Six Pakistani detainees released from Bagram

LAHORE - PR - Six Pakistani detainees have been released from US custody at Bagram Prison in Afghanistan and repatriated to Pakistan last week, according to a letter submitted by the US Department of Justice (DoJ) in a US Court of Appeal.
The letter was provided to the lawyers at Justice Project Pakistan (JPP) on 18 November, 2013. The JPP is a non-profit law firm representing these Pakistani detainees in the Lahore High Court (LHC) since 2011, demanding their release and repatriation. The six released are Hamidullah Khan, Sabeel Suleiman, Abdul Qadir Imran, Mohammed Riaz, Abdul Karim and Palak Jan. All have been held for as several years without charge, trial or access to a lawyer. The Pakistan authorities have still not issued any statement or provided any information to the families of these detainees or their lawyers at the JPP about the whereabouts of the six detainees released. Even the news of their release only came from the US Department of Justice and not from the Pakistani government. At present, however, JPP has not been informed of their clients’ location nor have they been granted access to them.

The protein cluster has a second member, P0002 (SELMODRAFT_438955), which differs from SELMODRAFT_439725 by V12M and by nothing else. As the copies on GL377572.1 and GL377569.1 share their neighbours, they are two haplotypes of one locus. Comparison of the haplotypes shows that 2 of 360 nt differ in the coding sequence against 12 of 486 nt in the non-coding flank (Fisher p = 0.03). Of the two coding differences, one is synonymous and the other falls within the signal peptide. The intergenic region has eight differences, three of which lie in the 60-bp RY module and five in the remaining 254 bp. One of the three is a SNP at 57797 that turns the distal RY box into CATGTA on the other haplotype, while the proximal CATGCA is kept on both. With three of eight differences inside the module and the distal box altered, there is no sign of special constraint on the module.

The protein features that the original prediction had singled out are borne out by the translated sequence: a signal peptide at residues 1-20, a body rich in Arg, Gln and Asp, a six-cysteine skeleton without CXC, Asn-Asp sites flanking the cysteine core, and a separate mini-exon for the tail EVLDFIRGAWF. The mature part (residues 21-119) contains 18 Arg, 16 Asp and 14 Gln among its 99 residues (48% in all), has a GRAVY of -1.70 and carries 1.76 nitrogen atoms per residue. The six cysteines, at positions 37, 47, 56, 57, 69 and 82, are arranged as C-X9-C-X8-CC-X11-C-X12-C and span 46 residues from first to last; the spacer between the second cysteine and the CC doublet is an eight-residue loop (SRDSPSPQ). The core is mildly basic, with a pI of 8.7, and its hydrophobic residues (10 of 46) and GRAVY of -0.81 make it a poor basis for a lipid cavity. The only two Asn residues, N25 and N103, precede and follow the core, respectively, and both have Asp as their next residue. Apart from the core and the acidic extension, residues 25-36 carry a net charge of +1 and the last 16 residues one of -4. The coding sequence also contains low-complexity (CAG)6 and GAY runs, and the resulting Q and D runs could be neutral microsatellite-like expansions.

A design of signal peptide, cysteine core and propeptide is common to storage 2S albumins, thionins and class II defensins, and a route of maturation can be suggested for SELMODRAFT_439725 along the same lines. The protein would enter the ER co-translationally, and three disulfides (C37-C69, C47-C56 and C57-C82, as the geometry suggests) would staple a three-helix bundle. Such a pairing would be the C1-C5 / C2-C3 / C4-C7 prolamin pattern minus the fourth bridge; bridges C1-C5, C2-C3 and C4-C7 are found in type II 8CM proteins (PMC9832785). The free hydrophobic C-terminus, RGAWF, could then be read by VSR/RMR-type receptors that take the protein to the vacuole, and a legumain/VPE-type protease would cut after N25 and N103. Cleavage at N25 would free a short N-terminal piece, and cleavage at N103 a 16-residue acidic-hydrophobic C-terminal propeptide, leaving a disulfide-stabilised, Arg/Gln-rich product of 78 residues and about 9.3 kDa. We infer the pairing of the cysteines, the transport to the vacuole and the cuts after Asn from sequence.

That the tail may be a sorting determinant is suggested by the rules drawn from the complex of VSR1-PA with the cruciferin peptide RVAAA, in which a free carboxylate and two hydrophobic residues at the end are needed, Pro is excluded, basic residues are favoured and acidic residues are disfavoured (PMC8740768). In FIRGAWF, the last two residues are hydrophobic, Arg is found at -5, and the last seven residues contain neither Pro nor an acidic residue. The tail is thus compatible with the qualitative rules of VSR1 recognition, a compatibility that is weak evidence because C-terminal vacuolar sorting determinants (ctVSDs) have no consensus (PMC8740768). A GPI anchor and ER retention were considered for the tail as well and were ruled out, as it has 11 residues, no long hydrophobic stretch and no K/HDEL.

One of the detainees released, Hamidullah Khan, was only 14 years old when he was kidnapped from Pakistan in 2008 and illegally detained in Bagram, despite being a juvenile. Two of the other detainees, Abdul Qadir Imran and Mohammed Riaz, were picked up by the Afghan army and handed over to the US military in 2005. None have ever been charged.
One a number of occasions since 2011, the LHC has directed Pakistan government to secure the immediate release of these Pakistanis from Bagram. In October 2012, the Pakistan government submitted a list of six Pakistani detainees due to be released.
It took over a year, however, for their repatriation to materialise.
Barrister Sarah Belal of JPP, counsel for the detainees, maintains that the delay from the Pakistan government adds to the injustice instead of providing relief. She said, “A victory that should have occurred by order of the court one year ago is a resounding defeat. It does not show that the system is working. It shows an ongoing pattern of delays and stalls that needs to end.”

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